3 Simple Budgeting Tips for Singaporeans Earning a Variable Income
One of the benefits of earning a regular monthly salary is that there’s no guesswork when it comes to creating a budget – because you know exactly how much you’ll receive each month.
Even then it’s tough to create a budget that most people will follow because the urge to splurge is just too great – especially in a nation like Singapore where there’s a mall on practically every street corner.
If you are earning a variable income on the other hand – you’re probably cursing those on fixed incomes. Why? Because they can’t even manage the money they KNOW they’ll get every month!
If you’re a business owner, freelancer or sales professional living on commissions – you absolutely must follow these simple budgeting tips:
#1 Prepare for Winter
Everyone knows that squirrels will hoard food during the winter months so that they have enough food to last during the winter months (squirrels that experience the season known as “winter” – Singapore squirrels are exempt).
The concept is sound, but again, those of you making variable income have no idea (for the most part) when a financial “winter” is coming – and how long it will last.
That’s why it’s very important that you start preparing for winter as soon as possible by saving any extra money you receive during the months you bring in exceptional revenue.
For example, if your expenses are $2,500 each month and you brought in $4,500 in April – that leaves you with $2,000 you can put away. But if you earn only $2,000 the following month, you don’t have to worry that you’re $500 in the hole – because you socked away $2,000 the previous month!
Of course, if you’re hoarding cash like a squirrel every month – you’ll be able to survive a long stretch of bad months no problem. Also, don’t forget to have insurance policies in place to protect your wealth against the unexpected (accidents, illness, etc.).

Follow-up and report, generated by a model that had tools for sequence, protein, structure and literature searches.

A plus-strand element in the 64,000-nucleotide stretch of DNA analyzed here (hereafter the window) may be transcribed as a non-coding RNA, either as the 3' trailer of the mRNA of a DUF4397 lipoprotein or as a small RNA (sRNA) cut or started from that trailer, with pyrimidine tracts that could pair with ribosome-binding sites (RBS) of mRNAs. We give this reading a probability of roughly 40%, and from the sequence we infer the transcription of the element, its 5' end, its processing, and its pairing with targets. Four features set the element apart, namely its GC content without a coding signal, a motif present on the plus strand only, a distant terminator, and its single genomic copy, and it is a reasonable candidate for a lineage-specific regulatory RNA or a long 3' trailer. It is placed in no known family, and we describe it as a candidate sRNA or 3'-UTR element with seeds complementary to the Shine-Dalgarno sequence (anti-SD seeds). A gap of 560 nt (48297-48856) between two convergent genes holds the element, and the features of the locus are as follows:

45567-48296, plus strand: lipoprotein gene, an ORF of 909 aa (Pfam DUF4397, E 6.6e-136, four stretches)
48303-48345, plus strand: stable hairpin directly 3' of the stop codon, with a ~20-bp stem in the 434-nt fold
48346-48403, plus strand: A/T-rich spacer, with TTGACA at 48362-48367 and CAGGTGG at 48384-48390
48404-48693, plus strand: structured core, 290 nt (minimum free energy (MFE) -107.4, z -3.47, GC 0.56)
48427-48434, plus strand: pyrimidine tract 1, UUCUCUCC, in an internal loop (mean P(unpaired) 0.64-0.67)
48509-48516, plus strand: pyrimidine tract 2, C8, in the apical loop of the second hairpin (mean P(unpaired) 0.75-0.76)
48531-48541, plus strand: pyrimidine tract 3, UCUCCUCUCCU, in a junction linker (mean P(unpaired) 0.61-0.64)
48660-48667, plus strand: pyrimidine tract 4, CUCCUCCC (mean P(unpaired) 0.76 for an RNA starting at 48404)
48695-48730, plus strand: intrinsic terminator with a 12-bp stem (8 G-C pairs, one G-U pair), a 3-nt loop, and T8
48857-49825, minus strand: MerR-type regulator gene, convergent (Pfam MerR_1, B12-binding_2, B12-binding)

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#2 Create a “Pay Period” Budget
Yes, it’s tough to create a budget when you’re earning a variable income – but it’s not entirely impossible. If you create a “pay period” budget, you can at least come up with at least a foundation for a budget.
All you need to do is add up all of your bills for the year including your utilities, transportation, loan repayments and any other monthly payment you’re making now – then you divide that total by 26 weeks (biweekly) or 12 months (monthly).
Once you have your pay period number down, you can then put aside any extra amount over what is needed for bills to use on “needs” such as food and boosting your savings.
Using the technique for point #1 above (preparing for “winter”), you can then put aside any extra amount over the expenses required for each “pay period” and save up or shore up your pay in bad weeks/months when your salary can’t cover your expenses.
#3 Be Flexible with Your Spending
By nature, having a variable income makes it even more dangerous for you to succumb to the urge to splurge. When you have a good month where you earn thousands more than your monthly expenses – it’s just too easy to go on a crazy spending spree.
I’m not going to lie to you – your first few years earning a variable income will be the most important. That’s because during this time, you’ll get a good picture of what your income will look like.
You’ll be able to see whether a clear “cycle” or “season” becomes apparent throughout the year. That means you’ll be able to find out which months will be high income months and which will be financially slow.
During this time, you’ll need to stay flexible to survive. That means you’ll need to cut back on expenses during rough periods, work harder to earn more during peak earning periods – and create new revenue streams if you’re running a business that’s experiencing an extended downturn in business.
Last but not least, if you have a particularly good year, keep in mind that your taxes will be affected as well, so make sure speak to your accountant regularly so that you can forecast your tax bill.
Live on a variable income? What tips help you stay in control of your finances? Share your thoughts with us on Facebook! For even more useful information on everything personal finance, visit MoneySmart today!